Stretch and massage your legs. After every set, stretch your muscles for a few seconds. Perform static and dynamic stretching as well. Dynamic stretching is better than static stretching before your work out, while static stretching is better after working out.

Drink plenty of fluids – but avoid alcohol.

Use a compression sleeve. Compression sleeves help to reduce inflammation and speed up the healing process.

Is Running After Leg Day Okay?

If you are an occasional runner or interested in getting started, then running after leg day might be a good idea. However, if you are a hardcore runner, you might want to reconsider for the sake of your running performance.

Some of you may already know that leg day is the leg workout day and heavy weightlifting is the main focus. And well, running is leg day is a bad choice, as running will injure and fatigue your leg muscles. It is unnecessary to crush your leg muscles with a grueling run and to risk straining a muscle.

As a beginner, running can cause damage to your leg muscles and bring about injury. This is not because running is a bad exercise, but more because your leg muscles are not yet strong enough. Running after leg day risks overstraining your already tired leg muscles.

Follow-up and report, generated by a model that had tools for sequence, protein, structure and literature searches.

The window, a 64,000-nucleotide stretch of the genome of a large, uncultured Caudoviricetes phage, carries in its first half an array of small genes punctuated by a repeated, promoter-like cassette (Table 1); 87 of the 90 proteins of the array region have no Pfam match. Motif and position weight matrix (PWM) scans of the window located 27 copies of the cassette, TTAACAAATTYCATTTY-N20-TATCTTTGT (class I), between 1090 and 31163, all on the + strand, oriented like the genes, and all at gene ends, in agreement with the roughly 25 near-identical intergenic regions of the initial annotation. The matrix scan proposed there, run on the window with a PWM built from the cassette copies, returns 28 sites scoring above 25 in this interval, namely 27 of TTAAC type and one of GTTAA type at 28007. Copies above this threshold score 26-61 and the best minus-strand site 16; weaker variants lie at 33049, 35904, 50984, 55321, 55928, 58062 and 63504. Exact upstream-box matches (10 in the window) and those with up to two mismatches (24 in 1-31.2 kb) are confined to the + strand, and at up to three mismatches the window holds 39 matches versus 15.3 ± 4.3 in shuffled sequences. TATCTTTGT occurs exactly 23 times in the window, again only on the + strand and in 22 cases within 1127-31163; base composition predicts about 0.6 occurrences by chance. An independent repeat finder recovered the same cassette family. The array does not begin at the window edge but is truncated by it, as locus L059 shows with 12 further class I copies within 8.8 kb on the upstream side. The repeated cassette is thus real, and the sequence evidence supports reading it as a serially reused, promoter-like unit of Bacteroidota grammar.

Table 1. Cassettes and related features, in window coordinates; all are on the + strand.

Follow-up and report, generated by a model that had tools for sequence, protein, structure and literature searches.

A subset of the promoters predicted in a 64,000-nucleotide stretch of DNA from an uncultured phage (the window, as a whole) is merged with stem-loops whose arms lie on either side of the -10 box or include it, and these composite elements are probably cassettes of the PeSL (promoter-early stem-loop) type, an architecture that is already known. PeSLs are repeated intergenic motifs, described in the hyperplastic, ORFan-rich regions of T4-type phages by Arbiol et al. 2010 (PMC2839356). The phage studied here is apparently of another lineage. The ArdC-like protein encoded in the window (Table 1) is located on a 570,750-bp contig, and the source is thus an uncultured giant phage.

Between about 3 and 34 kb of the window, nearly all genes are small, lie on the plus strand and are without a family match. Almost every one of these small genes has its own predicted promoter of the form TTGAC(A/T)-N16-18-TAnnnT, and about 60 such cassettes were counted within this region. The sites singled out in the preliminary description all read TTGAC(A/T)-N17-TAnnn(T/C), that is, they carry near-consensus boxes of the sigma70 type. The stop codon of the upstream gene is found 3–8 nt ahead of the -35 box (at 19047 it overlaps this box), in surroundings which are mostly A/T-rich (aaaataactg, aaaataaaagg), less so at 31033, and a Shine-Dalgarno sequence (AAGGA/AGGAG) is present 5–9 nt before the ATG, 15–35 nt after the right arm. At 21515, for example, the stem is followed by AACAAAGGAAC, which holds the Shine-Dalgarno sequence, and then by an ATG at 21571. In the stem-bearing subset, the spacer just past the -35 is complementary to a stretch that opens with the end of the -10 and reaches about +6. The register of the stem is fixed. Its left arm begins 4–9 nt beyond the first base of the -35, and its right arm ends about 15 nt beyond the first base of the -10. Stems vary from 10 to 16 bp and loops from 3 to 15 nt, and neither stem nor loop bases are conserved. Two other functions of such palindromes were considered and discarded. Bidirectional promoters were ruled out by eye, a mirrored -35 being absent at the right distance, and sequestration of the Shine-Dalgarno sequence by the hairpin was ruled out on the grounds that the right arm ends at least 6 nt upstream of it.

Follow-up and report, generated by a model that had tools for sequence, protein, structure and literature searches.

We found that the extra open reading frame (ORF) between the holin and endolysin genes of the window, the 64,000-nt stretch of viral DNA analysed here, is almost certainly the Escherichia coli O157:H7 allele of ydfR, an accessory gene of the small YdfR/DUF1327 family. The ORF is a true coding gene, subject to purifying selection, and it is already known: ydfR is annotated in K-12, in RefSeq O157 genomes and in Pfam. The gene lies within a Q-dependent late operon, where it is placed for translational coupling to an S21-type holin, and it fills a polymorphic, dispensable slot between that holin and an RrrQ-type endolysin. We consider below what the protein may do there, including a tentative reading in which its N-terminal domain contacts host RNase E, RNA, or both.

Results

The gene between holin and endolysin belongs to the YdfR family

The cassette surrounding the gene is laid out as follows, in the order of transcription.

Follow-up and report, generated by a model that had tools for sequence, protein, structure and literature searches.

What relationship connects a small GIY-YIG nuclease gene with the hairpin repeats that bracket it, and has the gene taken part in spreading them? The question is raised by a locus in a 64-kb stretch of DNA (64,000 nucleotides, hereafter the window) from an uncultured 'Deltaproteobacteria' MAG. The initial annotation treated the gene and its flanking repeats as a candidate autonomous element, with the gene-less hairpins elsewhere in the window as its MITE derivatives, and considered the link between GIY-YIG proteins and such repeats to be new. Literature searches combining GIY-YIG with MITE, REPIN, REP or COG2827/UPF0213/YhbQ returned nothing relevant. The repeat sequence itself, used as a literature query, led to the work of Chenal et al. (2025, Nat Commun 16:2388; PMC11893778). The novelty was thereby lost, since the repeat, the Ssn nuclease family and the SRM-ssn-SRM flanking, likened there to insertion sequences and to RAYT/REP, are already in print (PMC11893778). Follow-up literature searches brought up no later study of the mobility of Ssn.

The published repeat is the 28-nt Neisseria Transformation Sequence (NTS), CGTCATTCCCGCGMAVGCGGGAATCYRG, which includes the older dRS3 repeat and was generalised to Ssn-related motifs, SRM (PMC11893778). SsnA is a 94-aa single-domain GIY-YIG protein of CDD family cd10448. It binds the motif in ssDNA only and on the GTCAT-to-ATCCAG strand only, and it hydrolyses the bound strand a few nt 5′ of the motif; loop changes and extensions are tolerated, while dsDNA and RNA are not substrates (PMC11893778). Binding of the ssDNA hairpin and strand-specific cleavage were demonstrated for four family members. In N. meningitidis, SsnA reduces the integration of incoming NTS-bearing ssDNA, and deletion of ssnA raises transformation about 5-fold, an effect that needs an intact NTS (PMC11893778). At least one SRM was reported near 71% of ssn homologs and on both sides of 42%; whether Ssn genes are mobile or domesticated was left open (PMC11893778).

When you run, you hold your weight entirely on your lower legs. Running on tired or overstrained muscle can cause injuries like shin splints or even worse, stress fractures from repetitive pounding. Not to mention how much energy you will have to expend when running on tired legs.

Why Some People Say No

Maybe a question you must have heard multiple times in your life is, “Should I run X days after lifting?”

Today, I’ll be providing all the facts and evidence you need to make a wiser decision.

I’ll be analyzing 2 different but popular questions surrounding running after a leg workout to give you the core knowledge and understanding of why I would personally go for running and what I would recommend.

Lifting is a biomechanically complex sport. Put simply, lifting is characterized by concentric and eccentric muscle actions. In simpler terms, this means that a single lift consists of a muscle contraction (not just one) and its subsequent lengthening.

This is easily observable during the bench press lift. The initial movement or the concentric movement is associated with pulling the weight up.

Exercises like the squat, on the other hand, involve muscle action concentrically (to lift the weight) and eccentrically (to lower the weight).